Widely Used Insecticides Are Leaching Into Midwest Rivers
A class of insecticides called neonicotinoids, which are used on a lot of big corn and soybean fields, have been getting a pretty bad rap lately.
Researchers have implicated these chemicals, which are similar to nicotine, as a contributor to the alarming decline of bee colonies. That led the European Union to place a moratorium on their use, and environmentalists want the U.S. to do the same.
In a study published July 24, researchers at the U.S. Geological Survey found that these chemicals are also leaching into streams and rivers in the Midwest — including the Missouri and Mississippi rivers. And that may be bad news for aquatic life in the region, the scientists say.
"We did the study because the use of the neonicotinoids has been increasing dramatically, especially in the Midwest," says Kathryn Kuivila, an environmental organic chemist with the USGS.
And since these chemicals are highly water soluble, it made sense to investigate whether they were present in the region's streams and rivers, Kuivila tells The Salt.
These pesticides aren't sprayed on. Instead, they're used to coat the seeds of many agricultural crops. But they still end up in the soil and then in the water that runs off farms.
Runoff transports the chemicals from the field to streams and rivers, and since they don't break down easily in the environment they can stick around in these bodies of water for long periods of time, the USGS study notes. And while they're not especially toxic to humans, they can harm a wide variety of insects. At certain concentrations, they can hurt other animals as well.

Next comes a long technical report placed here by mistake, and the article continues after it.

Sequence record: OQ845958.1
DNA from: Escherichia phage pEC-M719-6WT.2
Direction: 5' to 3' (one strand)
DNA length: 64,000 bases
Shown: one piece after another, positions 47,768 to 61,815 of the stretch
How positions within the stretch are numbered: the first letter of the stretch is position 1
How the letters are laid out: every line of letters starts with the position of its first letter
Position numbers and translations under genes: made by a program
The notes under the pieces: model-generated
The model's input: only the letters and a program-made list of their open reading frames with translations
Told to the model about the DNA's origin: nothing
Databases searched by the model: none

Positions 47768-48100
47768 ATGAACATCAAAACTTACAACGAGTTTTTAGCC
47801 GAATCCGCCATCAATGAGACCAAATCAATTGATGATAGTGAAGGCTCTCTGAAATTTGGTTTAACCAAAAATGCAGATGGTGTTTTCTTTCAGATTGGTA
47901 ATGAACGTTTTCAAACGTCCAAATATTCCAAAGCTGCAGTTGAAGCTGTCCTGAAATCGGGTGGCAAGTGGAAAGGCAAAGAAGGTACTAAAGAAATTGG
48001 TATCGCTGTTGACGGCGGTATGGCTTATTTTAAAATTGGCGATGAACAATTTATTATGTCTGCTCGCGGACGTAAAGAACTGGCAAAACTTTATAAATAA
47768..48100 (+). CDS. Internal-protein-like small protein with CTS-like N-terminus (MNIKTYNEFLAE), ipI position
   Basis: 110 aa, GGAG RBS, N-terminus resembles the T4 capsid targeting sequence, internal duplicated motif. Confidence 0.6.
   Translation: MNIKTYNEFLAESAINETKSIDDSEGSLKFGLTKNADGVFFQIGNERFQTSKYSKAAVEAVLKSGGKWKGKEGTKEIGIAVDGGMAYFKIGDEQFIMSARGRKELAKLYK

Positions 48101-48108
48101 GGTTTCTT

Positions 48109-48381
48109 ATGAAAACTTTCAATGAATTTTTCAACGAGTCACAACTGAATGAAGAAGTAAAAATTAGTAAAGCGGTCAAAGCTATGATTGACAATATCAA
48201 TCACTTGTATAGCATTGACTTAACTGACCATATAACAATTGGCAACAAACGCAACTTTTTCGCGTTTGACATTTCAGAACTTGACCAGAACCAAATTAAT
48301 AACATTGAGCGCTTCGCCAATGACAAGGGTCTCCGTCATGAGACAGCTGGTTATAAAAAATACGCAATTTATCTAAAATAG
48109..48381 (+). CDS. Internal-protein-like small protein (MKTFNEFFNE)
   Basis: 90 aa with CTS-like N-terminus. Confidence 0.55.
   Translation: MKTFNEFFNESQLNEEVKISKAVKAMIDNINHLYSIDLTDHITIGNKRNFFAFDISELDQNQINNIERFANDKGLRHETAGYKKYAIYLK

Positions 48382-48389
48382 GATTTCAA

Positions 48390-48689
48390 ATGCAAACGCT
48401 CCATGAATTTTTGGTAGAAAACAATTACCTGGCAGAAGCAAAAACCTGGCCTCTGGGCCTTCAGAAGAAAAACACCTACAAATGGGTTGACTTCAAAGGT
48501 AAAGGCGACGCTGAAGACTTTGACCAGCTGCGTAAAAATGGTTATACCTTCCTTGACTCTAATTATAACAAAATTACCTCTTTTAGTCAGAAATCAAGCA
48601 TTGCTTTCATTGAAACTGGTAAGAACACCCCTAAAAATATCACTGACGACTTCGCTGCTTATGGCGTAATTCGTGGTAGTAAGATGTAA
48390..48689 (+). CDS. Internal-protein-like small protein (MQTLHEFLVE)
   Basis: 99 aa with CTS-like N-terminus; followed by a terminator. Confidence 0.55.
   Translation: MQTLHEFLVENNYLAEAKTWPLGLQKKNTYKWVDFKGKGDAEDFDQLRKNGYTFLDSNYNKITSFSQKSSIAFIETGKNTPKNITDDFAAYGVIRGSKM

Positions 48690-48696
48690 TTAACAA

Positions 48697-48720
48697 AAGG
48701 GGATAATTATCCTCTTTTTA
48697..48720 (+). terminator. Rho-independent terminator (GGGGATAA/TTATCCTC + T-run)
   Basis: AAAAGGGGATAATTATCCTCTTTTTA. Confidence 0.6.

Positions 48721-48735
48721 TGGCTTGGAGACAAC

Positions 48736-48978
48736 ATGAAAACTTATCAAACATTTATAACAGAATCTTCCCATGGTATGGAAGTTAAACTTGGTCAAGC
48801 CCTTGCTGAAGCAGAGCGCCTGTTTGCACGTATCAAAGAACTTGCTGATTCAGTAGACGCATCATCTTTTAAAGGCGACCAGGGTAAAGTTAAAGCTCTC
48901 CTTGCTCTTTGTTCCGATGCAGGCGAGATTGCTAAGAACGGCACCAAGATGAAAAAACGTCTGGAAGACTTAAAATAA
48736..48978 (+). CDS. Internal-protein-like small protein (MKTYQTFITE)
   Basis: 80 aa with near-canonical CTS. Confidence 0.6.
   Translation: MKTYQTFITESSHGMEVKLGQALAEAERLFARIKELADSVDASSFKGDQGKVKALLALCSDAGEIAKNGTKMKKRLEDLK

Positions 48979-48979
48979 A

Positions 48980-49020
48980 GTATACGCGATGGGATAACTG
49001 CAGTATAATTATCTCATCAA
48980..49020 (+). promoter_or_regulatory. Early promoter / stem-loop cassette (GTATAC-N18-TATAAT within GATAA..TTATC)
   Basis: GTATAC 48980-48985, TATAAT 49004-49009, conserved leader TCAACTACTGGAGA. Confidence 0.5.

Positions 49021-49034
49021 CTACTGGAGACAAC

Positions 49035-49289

The USGS found three chemicals in particular to be especially prevalent throughout the region: clothianidin, thiamethoxam and imidacloprid. Clothianidin was found in three quarters of the 79 water samples that the researchers gathered in 2013 at nine different stream sites. The highest concentration they found was over 250 nanograms per litre. That's 250 parts per trillion — it doesn't sound like a whole lot, but Kuivila says it may be enough to affect wildlife.
Mike Leggett, a director of environmental policy at CropLife America, the trade group representing biotechnology companies including Bayer CropScience and Syngenta — both big manufacturers these pesticides — released a statement pointing out that the concentrations USGS found were far below the Environmental Protection Agency's benchmarks.
"The highest levels detected were at least 40 times lower than benchmarks established by EPA to be protective of aquatic life, and most detections were up to 1,000 times below that level," he writes.
Indeed, by the EPA's benchmark, clothianidin is toxic to invertebrates who are chronically exposed to the chemical only at levels higher than 1,100 nanograms per litre.
But recent research suggests that lower levels of these chemicals could also be toxic to aquatic life — including aquatic insects. And a study published in Nature found a correlation between these insecticides and declining bird populations, perhaps because the the chemicals are killing off insects that the birds eat, or because the birds are eating insecticide-coated seeds.
Researchers are also unsure of how exposure to multiple neonicotinoids may affect organisms, Kuiliva notes. And they don't know to what extent a combination of these insecticides and other pesticides is hurting wildlife, she says.
And while a tiny amount of these chemicals may not kill certain animals, it can still harm them, says Christian Krupke, an entomologist at Purdue University who wasn't involved in the study. "An insect doesn't have to be dead to not be functioning," he says.
Neonicotinoids affect insects' nervous systems. An insect exposed to a small amount of one of these chemicals may get disoriented, and may not be able find food or defend itself from predators.
"There's a lot we don't know," he says, despite the fact that neonicotinoids came out in the 1980s and 90s. "Something as basic as how much is in the water has just been found out now."
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